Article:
Immigrant Gap

Election '04

Blockbuster California Gov. Arnold Schwarzenegger used his personal story and star power to deliver one message to the immigrants watching this week's Republican Convention: Immigration is still the stuff of dreams. Tom Tancredo, Colorado congressman and head of the Congressional Immigration Reform Caucus, came to New York to deliver another message. On the surface the men appear to represent opposite sides of the Republican platform on immigration, with Schwarzenegger holding out the American Dream center stage, while Tancredo rages about the coming immigration nightmare from stage (extreme) right.

Here at Madison Square Garden, near the vortex of U.S. theater and television, on the once gritty and now Disneyfied corridors of Broadway, the Republican Party is displaying what many are calling "schizophrenia" and "divisions" in their immigration policy. Closer diagnosis of the Republican Party's behavior towards immigrants, however, reveals another drama, one at once simple and complex, one not captured by the simplistic "schizophrenia" metaphor.

Translating his own Austrian immigrant success story into good political theater, Schwarzenegger made "moderate" appeals to the imagination of migrant masses when he said, "We Republicans admire your ambition. We encourage your dreams. We believe in your future." The overwhelmingly nonimmigrant – and still mostly white – audience applauded forcefully in what sounded like a new, more liberal immigration script for the Party.

But many immigrant rights advocates in New York and the rest of the country say that since 9/11, the Republican Party has transformed the story of immigrants in America from one of hopes and dreams into one of deferred dreams and extended nightmares.

Opposing what they feel is a staged and closed event led by Schwarzenegger, Karl Rove and the immigration "moderates' of the Republican party, are the marginalized forces of the anti-immigrant set. Tancredo told me that the actor-governor and others are practicing "Clintonesque doublespeak" around immigration. Tancredo says he didn't see the Republican immigration platform containing President Bush's "earned legalization" proposal � or the politicians responsible for it � until hours before it was announced.

"Remember when he first got elected?" asks the congressman. Rubbing his Old Glory tie, Tancredo adds, "He [Schwarzenegger] got in on a wave of anti-immigrant feeling on driver's licenses that ousted the previous governor. He was adamantly opposed to giving everybody driver's licenses and now he's moderating that view? Yeah, that's Clintonesque."

The Tancredos of the party are incensed at statements like this one made by Schwarzenegger about driver's licenses: "Let's do it the right way, let's make every Californian happy and let's make the undocumented immigrants happy." Yet, despite playing the role of Republican moderate on immigration, Schwarzenegger is about to veto another proposal on immigrant driver's licenses. It appears as if Schwarzenegger's "amerikanischer traum" (American Dream) and Tancredo's traumatic nightmare (i.e., a "porous border" allowing more terrorists in) are one and the same when it comes to immigrants not having a license to drive the new car in the driveway of the new home.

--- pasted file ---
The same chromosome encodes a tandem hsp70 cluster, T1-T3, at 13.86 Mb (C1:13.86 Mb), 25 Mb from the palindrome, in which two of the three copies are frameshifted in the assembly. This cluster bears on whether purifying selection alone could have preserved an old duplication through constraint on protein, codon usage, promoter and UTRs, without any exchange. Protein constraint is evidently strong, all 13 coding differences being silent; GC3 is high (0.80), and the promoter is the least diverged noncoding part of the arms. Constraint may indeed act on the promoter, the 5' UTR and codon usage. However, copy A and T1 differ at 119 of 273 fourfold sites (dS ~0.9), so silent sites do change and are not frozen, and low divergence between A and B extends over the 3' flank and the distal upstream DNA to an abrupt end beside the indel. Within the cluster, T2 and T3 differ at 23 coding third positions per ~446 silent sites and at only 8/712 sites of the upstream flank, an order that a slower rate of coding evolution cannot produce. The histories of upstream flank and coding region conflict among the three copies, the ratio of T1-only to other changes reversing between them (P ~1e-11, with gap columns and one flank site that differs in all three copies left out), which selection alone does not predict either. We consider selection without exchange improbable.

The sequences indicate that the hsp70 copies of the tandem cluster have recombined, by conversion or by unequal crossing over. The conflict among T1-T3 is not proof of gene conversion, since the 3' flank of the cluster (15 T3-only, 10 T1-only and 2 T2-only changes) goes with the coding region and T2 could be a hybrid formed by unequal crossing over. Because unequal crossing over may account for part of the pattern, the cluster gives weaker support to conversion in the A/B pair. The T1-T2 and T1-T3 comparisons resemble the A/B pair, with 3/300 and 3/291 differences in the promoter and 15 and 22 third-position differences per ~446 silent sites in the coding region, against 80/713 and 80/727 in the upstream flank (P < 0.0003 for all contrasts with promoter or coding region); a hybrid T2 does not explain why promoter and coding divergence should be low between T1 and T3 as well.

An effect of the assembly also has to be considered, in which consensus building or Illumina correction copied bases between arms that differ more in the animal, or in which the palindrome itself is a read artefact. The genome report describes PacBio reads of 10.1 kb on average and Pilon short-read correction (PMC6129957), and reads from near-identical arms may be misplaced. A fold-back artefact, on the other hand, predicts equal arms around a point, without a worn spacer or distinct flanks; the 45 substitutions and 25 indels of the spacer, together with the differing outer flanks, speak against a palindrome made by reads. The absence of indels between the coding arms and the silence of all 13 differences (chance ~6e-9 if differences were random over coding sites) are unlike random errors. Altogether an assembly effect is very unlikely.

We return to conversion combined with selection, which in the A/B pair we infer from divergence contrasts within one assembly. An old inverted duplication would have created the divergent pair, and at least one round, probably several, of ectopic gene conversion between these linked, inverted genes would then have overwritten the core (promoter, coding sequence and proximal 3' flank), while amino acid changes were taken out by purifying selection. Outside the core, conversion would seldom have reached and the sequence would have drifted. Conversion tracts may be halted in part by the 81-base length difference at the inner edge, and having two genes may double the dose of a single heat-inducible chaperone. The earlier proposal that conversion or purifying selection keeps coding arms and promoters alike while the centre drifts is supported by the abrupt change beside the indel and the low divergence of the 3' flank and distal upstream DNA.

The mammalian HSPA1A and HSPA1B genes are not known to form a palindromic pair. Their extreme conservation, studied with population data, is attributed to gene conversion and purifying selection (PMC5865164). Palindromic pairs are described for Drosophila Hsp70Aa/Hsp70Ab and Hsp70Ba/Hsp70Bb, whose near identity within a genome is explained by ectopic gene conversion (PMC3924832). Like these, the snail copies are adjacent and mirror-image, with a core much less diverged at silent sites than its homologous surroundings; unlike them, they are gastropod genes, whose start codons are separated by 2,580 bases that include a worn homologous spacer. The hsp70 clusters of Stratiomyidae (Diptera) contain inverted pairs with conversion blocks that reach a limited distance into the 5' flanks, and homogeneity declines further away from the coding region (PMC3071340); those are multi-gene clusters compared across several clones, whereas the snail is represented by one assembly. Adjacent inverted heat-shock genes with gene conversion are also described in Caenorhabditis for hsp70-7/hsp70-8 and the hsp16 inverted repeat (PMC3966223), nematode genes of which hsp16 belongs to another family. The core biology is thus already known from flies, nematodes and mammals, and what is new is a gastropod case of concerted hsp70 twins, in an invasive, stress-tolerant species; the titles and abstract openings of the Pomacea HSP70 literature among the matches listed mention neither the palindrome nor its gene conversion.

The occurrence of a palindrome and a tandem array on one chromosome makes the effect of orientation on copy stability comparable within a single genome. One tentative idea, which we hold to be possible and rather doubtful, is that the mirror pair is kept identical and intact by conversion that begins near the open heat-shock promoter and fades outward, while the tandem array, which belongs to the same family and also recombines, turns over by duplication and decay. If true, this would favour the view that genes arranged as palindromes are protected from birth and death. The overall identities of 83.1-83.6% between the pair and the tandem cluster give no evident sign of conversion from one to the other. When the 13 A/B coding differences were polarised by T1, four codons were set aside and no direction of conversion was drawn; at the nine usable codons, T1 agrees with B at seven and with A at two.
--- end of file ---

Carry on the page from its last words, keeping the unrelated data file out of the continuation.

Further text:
Appearing as if they're two different personalities in the mind of the "schizophrenic" Republican Party, Schwarzenegger and Tancredo are, in fact, loud but inconsequential voices within a party that is, in practice, of one mind about both national security-focused immigration measures and barring anything beneficial to immigrants. In preparation for his impending veto of new driver's license bill and just before his plea to immigrants, Schwarzenegger had his spokesperson cite "national security" concerns as the reason for denying the licenses.

"More and more immigrants have been denied the American Dream since 9/11," says Ana Maria Archila from the offices of the Latin American Integration Center, an immigrant service and advocacy organization on Staten Island. "Special Registration, increased detentions, increased raids and other measures send a direct message to immigrants here: it's all about law enforcement and security," says Archila, an immigrant from Colombia who says she knows how immigrants "need to make themselves as invisible as possible in this environment of fear." She and other advocates see a relationship between the national security climate and anti-immigrant sentiment in liberal New York and elsewhere.

Local and national groups like United Patriots of America (UPA) converged on Staten Island, deploying relatives of 9/11 victims to oppose agricultural worker legalization programs or the recently shelved DREAM Act, which would have given 60,000 studious undocumented youth access to university education. Advocates fear that a second Bush administration will unleash the more punitive CLEAR Act, which essentially turns local law enforcement officials into immigration agents.

Tancredo's denunciations of the DREAM Act ("Let the undocumented students return to their country of origin – now!") seem more honest when weighed against the star- studded immigration policy rhetoric that has, in the words of one advocate, "yielded zero positive results for immigrants from Bush and the Republicans."

Whether the Republican rhetoric paints a dreamy or nightmarish scenario, the end result, it seems, is still traumatic for tired and hungry immigrants living near and beyond the Statue of Liberty and Ellis Island. The immigration drama played out in Madison Square Fortress turns out to be just another Broadway show, a staged Wrestlemania match.

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